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Oil spill or not, golf along Gulf as good as gold
‘Catastrophic’ incident leads to deep discounts at great courses in region
Brandon Tucker / Courtesy of Gulf Shores Golf Association
GULF SHORES, Ala. - From Louisiana to Florida and parts in between, tourism and golf have taken a hit because of the worst oil spill in U.S. history. Now that it seems to be under control, golf industry officials are reiterating that British Petroleum's Deepwater Horizon oil rig disaster in April never affected the quality of Gulf Coast golf courses, and it still isn't.
The good news is that the oil well has been capped, at least for now. And even better, the oil that covered thousands of miles in the Gulf of Mexico is out of sight. But the damage it has done to tourism and the golf industry on the Gulf Coast has been significant. As the fall season looms, Gulf Coast golf course operators are hoping for a stellar comeback.
"It was all perception," said Duncan Miller, executive director of the Gulf Shores (Ala.) Golf Association. "Even when the oil was out there, it really wasn't that bad."
And that was the message golf industry officials have been trying to get out all summer. Even while the volunteers and BP officials have been trying to clean up the spill, none of the golf courses were any less playable. If you played the courses, it is unlikely you would've noticed any difference, except that there were fewer players in front of you.
But summer golf on the coast is affected by vacationers, and that's where the tourist industry saw the biggest hit. Beaches, for the most part, were not closed, but tourists were advised not to go in the water. Add to that the daily coverage of the spill and the reports of doom and gloom, and families chose other areas to visit.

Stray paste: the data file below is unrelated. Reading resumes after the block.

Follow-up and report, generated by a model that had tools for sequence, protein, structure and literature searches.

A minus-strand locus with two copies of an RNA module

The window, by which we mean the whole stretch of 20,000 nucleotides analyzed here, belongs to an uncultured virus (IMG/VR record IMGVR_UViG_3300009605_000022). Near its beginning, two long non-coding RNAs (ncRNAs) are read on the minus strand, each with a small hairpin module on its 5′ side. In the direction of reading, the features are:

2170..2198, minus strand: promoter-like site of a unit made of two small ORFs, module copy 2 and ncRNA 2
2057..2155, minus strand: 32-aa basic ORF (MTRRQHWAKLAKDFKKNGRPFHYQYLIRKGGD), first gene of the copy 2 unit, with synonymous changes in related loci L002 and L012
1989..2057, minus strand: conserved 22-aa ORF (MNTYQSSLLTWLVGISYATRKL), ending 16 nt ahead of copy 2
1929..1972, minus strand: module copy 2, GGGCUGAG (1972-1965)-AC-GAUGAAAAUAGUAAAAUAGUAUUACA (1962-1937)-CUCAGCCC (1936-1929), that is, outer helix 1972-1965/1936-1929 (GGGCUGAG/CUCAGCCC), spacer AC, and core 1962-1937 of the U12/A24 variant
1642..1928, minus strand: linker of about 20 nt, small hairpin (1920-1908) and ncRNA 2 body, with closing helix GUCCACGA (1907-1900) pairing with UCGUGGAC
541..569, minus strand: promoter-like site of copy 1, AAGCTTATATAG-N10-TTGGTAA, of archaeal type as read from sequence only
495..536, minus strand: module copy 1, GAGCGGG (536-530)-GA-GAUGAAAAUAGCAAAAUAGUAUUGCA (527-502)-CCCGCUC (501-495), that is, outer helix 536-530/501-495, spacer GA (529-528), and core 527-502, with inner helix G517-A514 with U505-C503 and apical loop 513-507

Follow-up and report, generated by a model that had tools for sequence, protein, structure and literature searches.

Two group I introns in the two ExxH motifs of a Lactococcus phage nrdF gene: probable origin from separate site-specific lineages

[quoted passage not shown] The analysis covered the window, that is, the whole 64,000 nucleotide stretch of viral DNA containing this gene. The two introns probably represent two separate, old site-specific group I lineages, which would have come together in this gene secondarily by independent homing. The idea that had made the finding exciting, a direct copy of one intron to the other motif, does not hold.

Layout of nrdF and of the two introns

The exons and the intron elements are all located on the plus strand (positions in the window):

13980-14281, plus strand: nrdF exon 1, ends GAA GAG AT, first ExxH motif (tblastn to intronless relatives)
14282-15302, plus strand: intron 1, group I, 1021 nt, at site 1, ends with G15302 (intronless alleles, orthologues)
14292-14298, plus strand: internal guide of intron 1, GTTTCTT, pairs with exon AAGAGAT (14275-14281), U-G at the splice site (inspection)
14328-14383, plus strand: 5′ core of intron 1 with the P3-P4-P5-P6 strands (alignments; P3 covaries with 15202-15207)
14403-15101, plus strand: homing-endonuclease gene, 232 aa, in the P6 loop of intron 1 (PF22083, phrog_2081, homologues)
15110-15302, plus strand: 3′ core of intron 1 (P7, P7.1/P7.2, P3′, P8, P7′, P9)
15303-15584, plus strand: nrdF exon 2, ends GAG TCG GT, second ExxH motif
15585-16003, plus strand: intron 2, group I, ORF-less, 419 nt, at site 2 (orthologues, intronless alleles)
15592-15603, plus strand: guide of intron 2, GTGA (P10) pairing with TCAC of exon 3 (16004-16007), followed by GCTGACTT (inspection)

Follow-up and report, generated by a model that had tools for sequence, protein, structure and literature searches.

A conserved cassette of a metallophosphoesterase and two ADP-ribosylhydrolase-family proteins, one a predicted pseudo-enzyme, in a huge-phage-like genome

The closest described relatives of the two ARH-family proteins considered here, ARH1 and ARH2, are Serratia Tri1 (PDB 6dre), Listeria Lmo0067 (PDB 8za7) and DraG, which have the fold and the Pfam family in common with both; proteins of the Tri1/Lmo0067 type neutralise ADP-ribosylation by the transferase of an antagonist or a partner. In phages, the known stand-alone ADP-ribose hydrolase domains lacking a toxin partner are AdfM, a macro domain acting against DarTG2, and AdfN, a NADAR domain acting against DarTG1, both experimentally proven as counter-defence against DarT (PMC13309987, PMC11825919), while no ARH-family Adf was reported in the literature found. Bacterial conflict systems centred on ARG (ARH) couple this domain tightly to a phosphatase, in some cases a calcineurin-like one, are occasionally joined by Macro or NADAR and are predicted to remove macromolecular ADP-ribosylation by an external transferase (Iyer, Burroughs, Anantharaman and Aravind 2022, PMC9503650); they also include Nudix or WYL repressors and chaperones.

On the Alabama and Florida Panhandle coast, for example — where you'll find terrific golf layouts such as Kiva Dunes, The Peninsula Golf and Racquet Club — hotel and motel revenue has been down by more than 70 percent this summer, according to Miller. To counter, the hospitality industry offered deep discounts on rooms, and even then, occupancy was down 50 percent from a year ago.
"It's been totally catastrophic," Miller said.
The trickle-down effect to the golf industry is obvious, since much of the summer play comes from family members on vacation. Rounds in the area were down 30 percent from a year ago in June, 40 percent in July, according to Miller.
Public relations campaigns
Each of the states affected by the oil spill has forged public relations campaigns encouraging visitors, whether it's on the golf course, the beaches, nature trails or the resorts. The state of Florida, for example, has launched a golf-specific website letting everybody know that the golf courses on the Gulf Coast are in great shape, unaffected by the spill. And you may have seen the ads this summer on television about the Emerald Coast's pristine beaches of northwest Florida. For the most part, they weren't contaminated and courses like the Tom Fazio-designed Camp Creek and Greg Norman's Shark's Tooth were as pristine as ever.
"People have confused perception with reality," said William Seccombe, chief marketing officer for Visit Florida, the state's official tourism industry marketing group. "It's really had very little environmental impact in Florida. People have had this idea that there's been oil all over the place, and that hasn't been the case."